Yesterday, Kenny Brattain, the owner of Fat Daddy's Sound Shack in Lewisville and the man who plans to re-open Trees as a live-music venue some time this spring, sent to a few local media outlets a missive in which he kinda knocked around a city official and city procedures he believes are standing in his way. So this morning I figured it was only fair to have that city official -- who'd be David Cossum, incidentally, the assistant director of the city's plan division -- knock back.
Only a funny thing happened when talking to Cossum. From our conversation concerning Deep Ellum zoning and restrictions and requirements, I get the impression that Cossum doesn't exactly dispute Brattain's assertion that opening a club in Deep Ellum is a real pain in the ass. That's because, well, it's supposed to be a pain in the ass. That's precisely how the Deep Ellum Association wants it. That's precisely what the DEA got in June, when the city council passed an ordinance requiring specific use permits (SUPs) from anyone with a live-music venue. You gotta jump through a lot of hoops if you want to open a place in Deep Ellum, some of them on fire. Keeps out the riff-raff. Keeps out everyone, as a matter of fact, if they're not willing to jump, jump higher and keep on jumpin' till the city stays stop.
"They're frustrated," Cossum says. "And, yes, it's an unhappy process for some. It wasn't this way until June, remember. Every bar within the Central Business District needs an SUP, except those in Pegasus Plaza and Stone Street Mall. We view those areas as entertainment-focused, much like we used to view Deep Ellum till the Deep Ellum Association asked for something else. For the past 30 years I've been in Dallas, you'd think of Deep Ellum as an entertainment district. But concerns from the council and the Deep Ellum Association, in terms of what they saw as an upswing in crime, they wanted more control over the clubs -- not to prohibit the clubs, but to require an SUP."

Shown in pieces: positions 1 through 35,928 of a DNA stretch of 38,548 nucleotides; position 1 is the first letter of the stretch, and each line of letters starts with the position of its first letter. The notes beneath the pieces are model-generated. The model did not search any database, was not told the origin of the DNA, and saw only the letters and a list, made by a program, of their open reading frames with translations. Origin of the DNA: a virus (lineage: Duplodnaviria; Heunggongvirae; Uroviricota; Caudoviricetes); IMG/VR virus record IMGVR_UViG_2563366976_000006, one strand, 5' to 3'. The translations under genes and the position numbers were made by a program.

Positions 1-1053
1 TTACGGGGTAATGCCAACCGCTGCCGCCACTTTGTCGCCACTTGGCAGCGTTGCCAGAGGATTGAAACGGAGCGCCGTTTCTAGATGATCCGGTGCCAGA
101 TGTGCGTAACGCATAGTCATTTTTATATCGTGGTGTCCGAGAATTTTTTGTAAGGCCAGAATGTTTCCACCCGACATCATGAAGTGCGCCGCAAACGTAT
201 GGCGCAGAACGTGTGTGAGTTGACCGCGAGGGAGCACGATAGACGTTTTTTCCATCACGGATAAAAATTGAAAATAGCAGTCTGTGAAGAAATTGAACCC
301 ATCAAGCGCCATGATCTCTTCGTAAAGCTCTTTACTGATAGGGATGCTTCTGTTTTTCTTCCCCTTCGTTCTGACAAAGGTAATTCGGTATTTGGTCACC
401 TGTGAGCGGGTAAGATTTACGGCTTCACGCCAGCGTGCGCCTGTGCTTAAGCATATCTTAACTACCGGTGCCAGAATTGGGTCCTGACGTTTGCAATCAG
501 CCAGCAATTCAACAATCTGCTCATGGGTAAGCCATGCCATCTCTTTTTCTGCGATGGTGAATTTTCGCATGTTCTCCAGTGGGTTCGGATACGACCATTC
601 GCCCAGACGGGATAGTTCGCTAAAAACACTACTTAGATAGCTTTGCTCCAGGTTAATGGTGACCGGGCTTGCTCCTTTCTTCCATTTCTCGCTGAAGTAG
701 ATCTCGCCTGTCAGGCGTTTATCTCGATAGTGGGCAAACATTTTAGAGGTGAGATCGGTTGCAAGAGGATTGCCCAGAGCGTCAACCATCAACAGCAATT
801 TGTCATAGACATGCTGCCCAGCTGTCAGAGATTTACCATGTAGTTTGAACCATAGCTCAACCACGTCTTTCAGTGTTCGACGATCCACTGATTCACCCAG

Cossum says some of the problems Kenny and wife Sarah are having stem from an unhelpful landlord, who isn't providing them with the required documents -- among them, say, a building deed and land survey. Morton Rachofsky is the property's longtime owner.
"Part of their problem is they're dealing with an owner who doesn't care," Cossum says. "What they have told me is that they're just not giving them any help at all. Usually I turn to the owner and say, 'I need a deed, a survey,' and the owner has it. They're not getting it from the owner, so that's chasing them to the courthouse for a deed." Cossum says with an SUP permit, the city needs to totally clear not only the occupant but also the property itself, to the point of making sure its owner doesn't owe one cent in back taxes.
"I was going to call [Kenny or Sarah] here shortly to kinda go over everything one more time," Cossum says. "I am not sure it's as frustrating as it's ending up to be, but they thought it would make more sense. It's a club going in where there used to be a club, they figured last year. Then they saw, 'Well, hell, someone changed the zoning, I can't do this and this and this,' and from that point on, it's been one roadblock after another. But if someone spent a day, they could easily get together most of these documents." --Robert Wilonsky
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